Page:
The Lincoln man accused of setting fires Wednesday at the shuttered Lincoln mill allegedly asked a judge Friday to be sent to a psychiatric hospital.
The night of the fires, David Parsons, 59, allegedly told EMTs who were taking him to a local hospital for chest pain that “they were the biggest flames he had ever seen.” Parsons also said he videotaped the blaze and played “music to it — ‘burn motherf***er burn,’” the court affidavit said.
When Sgt. Glenn Graef went to the hospital and spoke with Parsons, “the front of Parsons’ hair on his head and also his beard had been burned, his hands were blackened and he smelled of smoke,” according to the affidavit.
The document also said that before the mill fire the Maine Forest Service had been investigating five “wildland fires” set between Lincoln and Enfield on or near the railroad tracks leading to the mill.
Parsons made his first court appearance Friday afternoon before District Court Judge John Lucy at the Penobscot Judicial Center by videoconference from the Penobscot County Jail. He is charged with two counts of arson, a Class A crime.
The defense attorney handling Parsons’ case Friday said that the accused arsonist wanted to be moved from the jail to Acadia Hospital, a psychiatric facility, for treatment of a bipolar disorder.
The judge instead kept Parsons in jail and set bail at at $20,000 cash. Conditions include not being at the former Lincoln Paper and Tissue LLC site and not possessing incendiary devices.
Parsons has admitted starting Wednesday’s fires, according to the affidavit, signed by Investigator John Wardwell of the Office of the State Fire Marshal. Parsons said that had worked at the mill for about 20 years but was fired in 2012, three years before the mill shut down.
Fire investigators first questioned Parsons on Thursday morning after they learned from Lincoln police that fire department personnel had taken a man to Penobscot Valley Hospital with chest pains who talked about the fire in the ambulance.
During that interview, Graef seized Parsons’ jacket, which had burn holes in it, and a lighter leash with a black Hollywood Casino lighter attached to it, the affidavit said.
Later that day, Parsons came to the Lincoln Public Safety Office and agreed to be interviewed by Wardwell. During that interview, Parsons allegedly said that he used a book of matches to set the fire at the mill’s scale building in the truck slips. He admitted starting the second fire by using a lighter to ignite time cards he found in a file cabinet drawer in an office attached to the warehouse. He also described setting a third fire that investigators had been unaware of.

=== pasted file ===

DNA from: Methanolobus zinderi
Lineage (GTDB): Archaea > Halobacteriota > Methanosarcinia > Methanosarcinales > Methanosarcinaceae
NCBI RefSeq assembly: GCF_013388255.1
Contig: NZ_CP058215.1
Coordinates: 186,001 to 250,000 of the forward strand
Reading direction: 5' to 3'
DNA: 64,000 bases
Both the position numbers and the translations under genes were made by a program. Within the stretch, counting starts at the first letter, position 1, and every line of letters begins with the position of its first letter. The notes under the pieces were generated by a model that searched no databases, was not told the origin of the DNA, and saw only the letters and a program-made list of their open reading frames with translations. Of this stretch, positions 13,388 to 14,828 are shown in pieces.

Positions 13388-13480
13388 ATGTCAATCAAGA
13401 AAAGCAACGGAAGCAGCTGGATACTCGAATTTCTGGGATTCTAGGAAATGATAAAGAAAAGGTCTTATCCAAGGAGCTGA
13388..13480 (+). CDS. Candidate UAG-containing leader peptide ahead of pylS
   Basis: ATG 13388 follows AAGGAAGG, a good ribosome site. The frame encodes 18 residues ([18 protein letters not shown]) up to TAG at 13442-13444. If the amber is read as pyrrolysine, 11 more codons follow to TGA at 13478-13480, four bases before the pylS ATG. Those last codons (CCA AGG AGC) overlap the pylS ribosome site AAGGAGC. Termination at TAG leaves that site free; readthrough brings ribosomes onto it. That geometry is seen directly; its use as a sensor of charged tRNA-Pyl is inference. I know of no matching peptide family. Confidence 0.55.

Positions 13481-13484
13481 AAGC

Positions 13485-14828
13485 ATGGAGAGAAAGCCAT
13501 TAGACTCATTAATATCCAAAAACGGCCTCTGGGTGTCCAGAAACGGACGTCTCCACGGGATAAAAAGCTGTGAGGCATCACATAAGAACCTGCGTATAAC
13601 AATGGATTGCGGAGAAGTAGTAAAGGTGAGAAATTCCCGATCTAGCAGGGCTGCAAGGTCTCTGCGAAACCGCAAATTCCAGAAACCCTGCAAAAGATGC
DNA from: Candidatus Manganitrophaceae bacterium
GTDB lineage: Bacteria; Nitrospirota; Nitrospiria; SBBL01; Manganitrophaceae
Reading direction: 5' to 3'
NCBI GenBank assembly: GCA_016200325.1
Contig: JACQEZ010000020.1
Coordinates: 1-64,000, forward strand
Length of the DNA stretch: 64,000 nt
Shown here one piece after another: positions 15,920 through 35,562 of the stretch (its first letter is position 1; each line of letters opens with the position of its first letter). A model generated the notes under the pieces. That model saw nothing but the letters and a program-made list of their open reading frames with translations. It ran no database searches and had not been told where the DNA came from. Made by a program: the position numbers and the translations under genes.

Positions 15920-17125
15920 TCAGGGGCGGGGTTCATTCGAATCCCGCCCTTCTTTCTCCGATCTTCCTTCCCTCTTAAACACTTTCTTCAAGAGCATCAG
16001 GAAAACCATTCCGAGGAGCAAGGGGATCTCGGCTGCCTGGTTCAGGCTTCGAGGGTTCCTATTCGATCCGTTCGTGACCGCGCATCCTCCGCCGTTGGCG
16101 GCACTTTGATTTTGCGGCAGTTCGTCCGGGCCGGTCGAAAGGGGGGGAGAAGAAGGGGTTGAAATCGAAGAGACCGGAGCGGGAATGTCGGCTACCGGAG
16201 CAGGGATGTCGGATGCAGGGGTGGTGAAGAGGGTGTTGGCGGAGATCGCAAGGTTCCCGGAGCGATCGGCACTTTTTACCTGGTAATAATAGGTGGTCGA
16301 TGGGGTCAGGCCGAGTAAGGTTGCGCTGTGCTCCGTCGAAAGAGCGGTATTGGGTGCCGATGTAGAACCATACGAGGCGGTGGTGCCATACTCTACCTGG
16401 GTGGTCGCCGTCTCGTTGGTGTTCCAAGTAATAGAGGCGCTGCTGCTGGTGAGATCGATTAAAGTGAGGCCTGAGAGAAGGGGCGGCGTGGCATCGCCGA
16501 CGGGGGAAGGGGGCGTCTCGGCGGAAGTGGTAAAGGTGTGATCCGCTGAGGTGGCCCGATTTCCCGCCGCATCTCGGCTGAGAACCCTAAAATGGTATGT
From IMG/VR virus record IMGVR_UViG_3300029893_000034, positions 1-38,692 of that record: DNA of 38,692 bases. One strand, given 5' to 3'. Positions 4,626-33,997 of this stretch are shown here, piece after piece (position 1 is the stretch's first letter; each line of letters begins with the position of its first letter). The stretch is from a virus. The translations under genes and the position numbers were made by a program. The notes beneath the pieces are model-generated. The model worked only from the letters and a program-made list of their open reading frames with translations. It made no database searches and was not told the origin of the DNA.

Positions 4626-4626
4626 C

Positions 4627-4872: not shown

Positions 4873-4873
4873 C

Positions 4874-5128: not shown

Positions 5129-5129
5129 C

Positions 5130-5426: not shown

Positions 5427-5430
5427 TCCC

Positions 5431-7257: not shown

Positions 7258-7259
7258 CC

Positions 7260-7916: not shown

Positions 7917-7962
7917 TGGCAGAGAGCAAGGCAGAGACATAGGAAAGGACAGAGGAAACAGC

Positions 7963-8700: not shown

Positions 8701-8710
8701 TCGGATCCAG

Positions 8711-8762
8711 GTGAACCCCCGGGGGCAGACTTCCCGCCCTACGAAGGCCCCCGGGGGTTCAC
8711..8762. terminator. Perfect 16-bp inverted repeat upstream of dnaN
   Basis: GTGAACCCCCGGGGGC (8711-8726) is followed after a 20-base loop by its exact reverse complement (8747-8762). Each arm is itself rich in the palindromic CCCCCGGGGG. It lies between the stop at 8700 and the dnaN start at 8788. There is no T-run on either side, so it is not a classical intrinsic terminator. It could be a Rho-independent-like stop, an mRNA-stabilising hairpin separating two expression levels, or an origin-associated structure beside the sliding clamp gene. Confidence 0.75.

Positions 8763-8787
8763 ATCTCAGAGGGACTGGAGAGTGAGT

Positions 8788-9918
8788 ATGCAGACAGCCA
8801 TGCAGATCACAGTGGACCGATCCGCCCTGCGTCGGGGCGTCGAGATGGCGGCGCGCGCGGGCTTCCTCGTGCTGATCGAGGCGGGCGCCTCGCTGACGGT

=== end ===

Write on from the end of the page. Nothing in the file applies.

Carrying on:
Parsons told Wardwell that “as a kid he used to hurt animals and start fires,” the affidavit said.
“I asked Parsons if the excitement for him was sexual,” Wardwell wrote. “He stated that it was not. I asked him if the excitement was from seeing something start really small and then turn into a large raging fire. Parsons told me yes, that was the best way he had ever heard it described.”
Parsons, who has no criminal history, was not asked to enter a plea Friday as he has not yet been indicted. The Penobscot County grand jury is scheduled to meet Nov. 29.
Deputy District Attorney Alice Clifford asked that bail be set at $25,000 cash. She called Wednesday’s fires “very dangerous” and “a threat to public safety.”
Clifford said that Parsons confessed to setting three fires at the mill where he used to work. One of the fires burned itself out, she said.
Bangor attorney Michael Hockenbury, who served as defense attorney of the day Friday, said Parsons had only worked odd jobs recently and could raise no more than $5,000 for bail. Hockenbury said that Parsons wanted to be moved from the jail to Acadia Hospital for treatment for bipolar disorder.
Terence Harrigan, the Bangor attorney appointed to represent Parsons as the case moves forward, may seek a court order for a mental health evaluation once he becomes familiar with the case.
Parsons was arrested Thursday and charged with three counts of arson, but the district attorney’s office decided to drop the third count.
The fire at the 387-acre Lincoln Paper and Tissue LLC site burned for more than three hours. Firefighters from 10 towns and the Maine Forest Service doused flames that destroyed a 300-foot-long warehouse and gutted a scale shed. The third fire, started in a sludge/waste treatment area, never got going.
Parsons is next due in court Jan. 2.
If convicted, Parsons faces up to 30 years in prison and a fine of up to $50,000. He also could be ordered to pay restitution to mill owners.
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